Artist: Marcel Broodthaers
Venue: Sutton Lane, Paris
Date: October 24 – November 7, 2008
Full gallery of images, press release, and link available after the jump.
“At first I displayed objects of everyday life – mussels, eggs, pots, advertising imagery. This point of departure inscribed me within the context of “New” Realism and sometimes to Pop Art, when I treat my subject with the intention of reducing it to a theoretical sketch… Today, when the image destined for current consumption has assumed the subtleties and violence of New Realism and of Pop Art, I would hope that definitions of art would support a critical vision both of society and of art, as well as of art criticism itself. The language of forms must be united with that of words…”
Marcel Broodthaers, Open Letter (Brussels, April 1968) addressed to the editor of Art International and published later in a catalogue from the exhibition Lignano Biennale 1 (Lignano 1968).
Sutton Lane is pleased to present a selection of work by Belgian artist Marcel Broodthaers.
Over the years, Sutton Lane has presented exhibitions by artists who have played an important role in the history of art, including Pistoletto and Franz West in 2004, and Martin Barré in 2005. This exhibition of Marcel Broodthaers continues this tradition. Broodthaers is a major influence and reference for many of the contemporary artists represented by Sutton Lane. Like Broodthaers, these artists question the very practice of art and explore the depths of its possibilities.
Included in this exhibition are eight vacuum formed plastic and painted plaques that date between 1968-1970. These works come from a series Broodthaers called “Industrial Poems”. Also on view is a sculpture from 1966 titled “Pools”.
These plaques recall the first plastic-based works Broodthaers made in 1963 when he had sections of his series of poems titled, Pense-Bete,(Dumb thought), stamped into some leftover plaster casts. Through this action the text was transformed as sculpture, poetry became object and the poet a visual artist. For Broodthaers, poetry remains essential, but he also began to perceive a necessity to instigate a transition from language towards the visual object. He emphasized the importance of the technical process which allowed him to fully realize this project. He applied a mold to the back side of a sheet of plastic thereby leaving the imprint of text and image on the front side. It was a simple process which permitted him to produce a large quantity of work at one time, and as such, forced a dialogue about the uniqueness of a work of art and Walter Benjamin’s theory about the loss of aura once a work has been repeatedly reproduced.(1)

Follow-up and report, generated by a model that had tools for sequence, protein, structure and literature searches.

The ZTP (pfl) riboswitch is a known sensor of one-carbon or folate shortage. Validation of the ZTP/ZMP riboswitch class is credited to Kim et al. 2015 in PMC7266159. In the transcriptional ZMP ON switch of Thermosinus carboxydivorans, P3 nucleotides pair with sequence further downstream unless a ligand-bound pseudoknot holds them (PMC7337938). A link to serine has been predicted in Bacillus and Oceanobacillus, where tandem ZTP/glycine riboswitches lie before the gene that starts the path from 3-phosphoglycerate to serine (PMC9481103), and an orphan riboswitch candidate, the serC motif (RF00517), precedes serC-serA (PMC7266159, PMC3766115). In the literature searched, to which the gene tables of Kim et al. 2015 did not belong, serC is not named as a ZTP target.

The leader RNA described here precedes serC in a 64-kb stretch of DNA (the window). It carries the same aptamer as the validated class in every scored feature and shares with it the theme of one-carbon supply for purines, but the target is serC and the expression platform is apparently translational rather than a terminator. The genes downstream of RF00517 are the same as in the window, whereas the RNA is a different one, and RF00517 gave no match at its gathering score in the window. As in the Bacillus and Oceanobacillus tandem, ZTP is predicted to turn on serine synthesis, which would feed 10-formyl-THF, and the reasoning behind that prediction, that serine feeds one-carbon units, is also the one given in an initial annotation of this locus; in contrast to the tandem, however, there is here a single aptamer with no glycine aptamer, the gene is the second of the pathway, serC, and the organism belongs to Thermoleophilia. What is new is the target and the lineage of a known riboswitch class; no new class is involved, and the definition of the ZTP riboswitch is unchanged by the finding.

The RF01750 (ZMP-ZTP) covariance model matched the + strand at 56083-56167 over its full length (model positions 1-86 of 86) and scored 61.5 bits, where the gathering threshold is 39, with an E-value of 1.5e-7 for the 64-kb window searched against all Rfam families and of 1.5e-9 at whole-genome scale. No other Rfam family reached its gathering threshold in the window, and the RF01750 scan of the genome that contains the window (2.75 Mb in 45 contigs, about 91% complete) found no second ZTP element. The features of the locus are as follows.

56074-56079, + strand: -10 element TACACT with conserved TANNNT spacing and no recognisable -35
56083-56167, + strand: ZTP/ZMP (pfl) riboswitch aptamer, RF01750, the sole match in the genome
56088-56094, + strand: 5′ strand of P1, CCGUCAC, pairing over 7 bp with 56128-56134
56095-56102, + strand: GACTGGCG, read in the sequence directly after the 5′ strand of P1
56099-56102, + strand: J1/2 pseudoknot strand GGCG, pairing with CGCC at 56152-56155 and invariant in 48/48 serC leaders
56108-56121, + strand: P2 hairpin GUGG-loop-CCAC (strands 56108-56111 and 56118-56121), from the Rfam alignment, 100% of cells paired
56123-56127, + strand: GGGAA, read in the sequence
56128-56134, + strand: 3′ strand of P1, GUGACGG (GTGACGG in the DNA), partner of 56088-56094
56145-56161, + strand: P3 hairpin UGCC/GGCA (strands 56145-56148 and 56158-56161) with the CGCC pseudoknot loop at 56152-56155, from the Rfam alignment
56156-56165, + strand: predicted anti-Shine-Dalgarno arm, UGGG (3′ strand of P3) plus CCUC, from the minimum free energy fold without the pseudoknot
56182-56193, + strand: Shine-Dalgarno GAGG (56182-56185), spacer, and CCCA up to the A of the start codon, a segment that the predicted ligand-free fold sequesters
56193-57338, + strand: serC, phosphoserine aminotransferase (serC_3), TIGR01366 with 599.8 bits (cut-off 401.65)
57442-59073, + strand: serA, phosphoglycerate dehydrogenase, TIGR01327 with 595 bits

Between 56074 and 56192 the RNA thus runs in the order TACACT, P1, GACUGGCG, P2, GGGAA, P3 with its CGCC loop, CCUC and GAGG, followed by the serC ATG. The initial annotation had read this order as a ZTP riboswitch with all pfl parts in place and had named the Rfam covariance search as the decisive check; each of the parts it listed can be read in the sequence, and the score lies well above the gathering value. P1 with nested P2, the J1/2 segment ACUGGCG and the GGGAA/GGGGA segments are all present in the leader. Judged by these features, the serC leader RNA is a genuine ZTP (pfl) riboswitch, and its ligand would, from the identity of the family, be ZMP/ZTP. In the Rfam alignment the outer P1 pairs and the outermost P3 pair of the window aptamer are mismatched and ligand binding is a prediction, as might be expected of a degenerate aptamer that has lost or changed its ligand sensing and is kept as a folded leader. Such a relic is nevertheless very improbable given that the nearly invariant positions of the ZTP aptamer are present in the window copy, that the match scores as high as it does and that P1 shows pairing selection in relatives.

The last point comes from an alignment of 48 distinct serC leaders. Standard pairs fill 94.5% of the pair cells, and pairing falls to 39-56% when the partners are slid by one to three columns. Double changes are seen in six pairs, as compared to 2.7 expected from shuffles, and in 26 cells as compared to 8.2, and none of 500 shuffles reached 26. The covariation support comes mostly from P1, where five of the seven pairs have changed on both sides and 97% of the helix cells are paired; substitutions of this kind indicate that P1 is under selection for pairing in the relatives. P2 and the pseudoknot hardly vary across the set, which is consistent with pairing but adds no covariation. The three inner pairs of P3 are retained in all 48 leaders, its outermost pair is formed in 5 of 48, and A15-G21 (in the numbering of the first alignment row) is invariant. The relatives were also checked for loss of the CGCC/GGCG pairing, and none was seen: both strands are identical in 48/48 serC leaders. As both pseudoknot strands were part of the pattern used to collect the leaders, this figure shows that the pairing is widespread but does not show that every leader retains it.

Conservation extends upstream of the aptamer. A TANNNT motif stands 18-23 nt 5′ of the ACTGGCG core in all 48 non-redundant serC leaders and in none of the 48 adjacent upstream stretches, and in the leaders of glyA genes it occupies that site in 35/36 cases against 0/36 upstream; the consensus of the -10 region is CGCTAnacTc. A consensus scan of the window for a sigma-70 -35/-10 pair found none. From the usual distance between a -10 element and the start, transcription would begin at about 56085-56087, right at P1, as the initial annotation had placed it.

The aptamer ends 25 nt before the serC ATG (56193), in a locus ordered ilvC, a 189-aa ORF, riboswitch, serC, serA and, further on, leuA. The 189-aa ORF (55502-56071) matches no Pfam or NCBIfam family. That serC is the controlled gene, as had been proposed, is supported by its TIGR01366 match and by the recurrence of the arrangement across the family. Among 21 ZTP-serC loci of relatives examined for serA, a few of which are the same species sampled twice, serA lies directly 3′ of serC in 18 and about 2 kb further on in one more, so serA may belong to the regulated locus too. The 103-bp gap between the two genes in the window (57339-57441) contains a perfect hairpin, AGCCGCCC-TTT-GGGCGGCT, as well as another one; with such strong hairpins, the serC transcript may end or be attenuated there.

By choosing to make these plaques in limited editions or conversely, in unlimited editions, Broodthaers critiques a dominant theme throughout the 1960s of democratizing the art object by creating multiple copies. These “poems” are to be understood like puzzles or enigmas whose reading is laboriously deciphered in the relief…”from the appearance of the text and its opposite.”
Broodthaers valued this method “of not giving the message entirely in either image or text… and also he refused to make any message straightforward.”(2) Broodthaers appreciated the relative newness of a material which was not often used in art and as such carried, according to him, a sort of ‘tackiness’ rendered in the final stages of fabrication. Always one for paradoxes, Broodthaers referred to his “Industrial Poems” as signboards, which Benjamin Buchloh, in an essay devoted to Broodthaers, sees as being at the same time, “a poetic text, artistic object, discursive classification and institutional demarcation… literally made “of a piece,” and of one material.”(3)
The sculpture, “Pool”, comes out of a lineage beginning with Marcel Duchamp’s “ready-mades”, to New Realism, and Pop Art. The eggs and the wooden casks which make up the sculpture are essentially removed from their usual context and given status as a work of art. At the same time this act elevates an everyday object into a work of art and serves as a form of de-mythification of the “sacred” museum space. By doing this, Broodthaers seeks to both affirm his artistic originality, so deeply layered with humor, and give proof through critical and ironic methods, of the blatant commercialism of the art market.
Marcel Broodthaers work is caustic reflection that highlights the nature and function of art, of the dialogues between artist and society, as well as within cultural institutions and museums.
Sutton Lane would like to thank Mr. Avi and Maurice Keitelman, without whom this exhibition would not be possible.